The Directorate-General for Competition (‘DG Competition’) initially granted a deadline of eight weeks to respond to the SO which was subsequently extended finally expiring on 4 September 2015 for JCI and Recylex, on 7 September 2015 for Eco-Bat, and on 14 September 2015 for Campine.


All the addressees of the SO received a DVD containing the accessible documents in the Commission's file, and they had also access to the parts of the Commission's file that were accessible only at the Commission's premises.


In its reply to the SO Campine requested access to the responses of the other addressees of the SO which DG Competition denied on 19 November 2015 based, in particular, on the general rule under point 27 of the Commission Notice on the rules for access to the Commission file (7). On 26 October 2015 Eco-Bat submitted a similar request which DG Competition denied on the same grounds.


All the addressees of the SO participated and presented their observations at an oral hearing on 17 and 18 November 2015. During the hearing the Commission asked certain questions to the parties which, at their request, I have allowed time to submit written answers after the oral hearing. The parties replied to those questions, and some addressees of the SO also submitted additional comments on specific issues. These replies and comments were circulated among all the addressees of the SO.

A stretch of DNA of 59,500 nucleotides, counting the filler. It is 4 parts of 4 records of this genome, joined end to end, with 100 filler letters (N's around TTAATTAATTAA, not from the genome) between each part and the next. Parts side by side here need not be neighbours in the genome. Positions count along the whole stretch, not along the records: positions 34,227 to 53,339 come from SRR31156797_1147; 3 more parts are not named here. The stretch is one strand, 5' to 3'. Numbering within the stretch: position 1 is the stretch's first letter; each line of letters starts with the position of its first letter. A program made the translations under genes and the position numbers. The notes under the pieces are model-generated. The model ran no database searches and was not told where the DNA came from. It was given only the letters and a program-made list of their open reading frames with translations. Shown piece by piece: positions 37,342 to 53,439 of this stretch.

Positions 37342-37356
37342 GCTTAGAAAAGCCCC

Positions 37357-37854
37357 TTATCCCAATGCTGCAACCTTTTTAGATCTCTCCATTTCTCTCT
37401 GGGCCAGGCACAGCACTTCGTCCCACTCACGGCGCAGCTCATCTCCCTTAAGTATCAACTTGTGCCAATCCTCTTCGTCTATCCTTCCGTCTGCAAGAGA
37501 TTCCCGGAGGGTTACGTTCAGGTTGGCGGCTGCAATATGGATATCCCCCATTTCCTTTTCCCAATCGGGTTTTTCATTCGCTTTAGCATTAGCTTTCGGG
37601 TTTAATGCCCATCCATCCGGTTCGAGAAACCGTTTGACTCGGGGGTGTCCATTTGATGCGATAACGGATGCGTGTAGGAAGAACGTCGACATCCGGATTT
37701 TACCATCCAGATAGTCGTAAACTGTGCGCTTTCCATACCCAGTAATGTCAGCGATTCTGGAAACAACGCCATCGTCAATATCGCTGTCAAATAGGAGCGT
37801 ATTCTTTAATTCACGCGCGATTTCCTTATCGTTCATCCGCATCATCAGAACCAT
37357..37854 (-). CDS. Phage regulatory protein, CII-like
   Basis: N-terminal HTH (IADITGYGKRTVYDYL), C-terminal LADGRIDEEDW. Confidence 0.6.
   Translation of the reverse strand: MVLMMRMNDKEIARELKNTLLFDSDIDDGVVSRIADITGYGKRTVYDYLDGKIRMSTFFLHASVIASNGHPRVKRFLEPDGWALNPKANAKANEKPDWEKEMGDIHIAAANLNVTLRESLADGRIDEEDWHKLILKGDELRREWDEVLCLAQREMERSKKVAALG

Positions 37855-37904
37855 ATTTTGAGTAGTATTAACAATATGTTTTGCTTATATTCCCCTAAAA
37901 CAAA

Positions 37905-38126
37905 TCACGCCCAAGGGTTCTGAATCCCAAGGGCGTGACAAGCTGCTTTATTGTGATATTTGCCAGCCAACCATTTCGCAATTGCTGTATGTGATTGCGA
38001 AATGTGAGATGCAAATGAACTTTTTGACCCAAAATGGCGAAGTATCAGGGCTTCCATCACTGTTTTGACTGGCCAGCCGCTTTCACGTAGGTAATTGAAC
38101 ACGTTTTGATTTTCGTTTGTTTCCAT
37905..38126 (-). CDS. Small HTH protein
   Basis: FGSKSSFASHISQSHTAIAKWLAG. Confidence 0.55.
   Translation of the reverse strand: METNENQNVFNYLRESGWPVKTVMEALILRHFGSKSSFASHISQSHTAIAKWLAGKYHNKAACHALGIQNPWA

During the oral hearing, Eco-Bat approached me reiterating its request to have access to the responses of the other addressees of the SO in light of the presentations made during the oral hearing. Considering that the replies of the other addressees of the SO did not reveal any new evidence, exculpatory or incriminating, which had not already been disclosed to the addressees of the SO, I have rejected such request by a decision pursuant to Article 7 of Decision 2011/695/EU.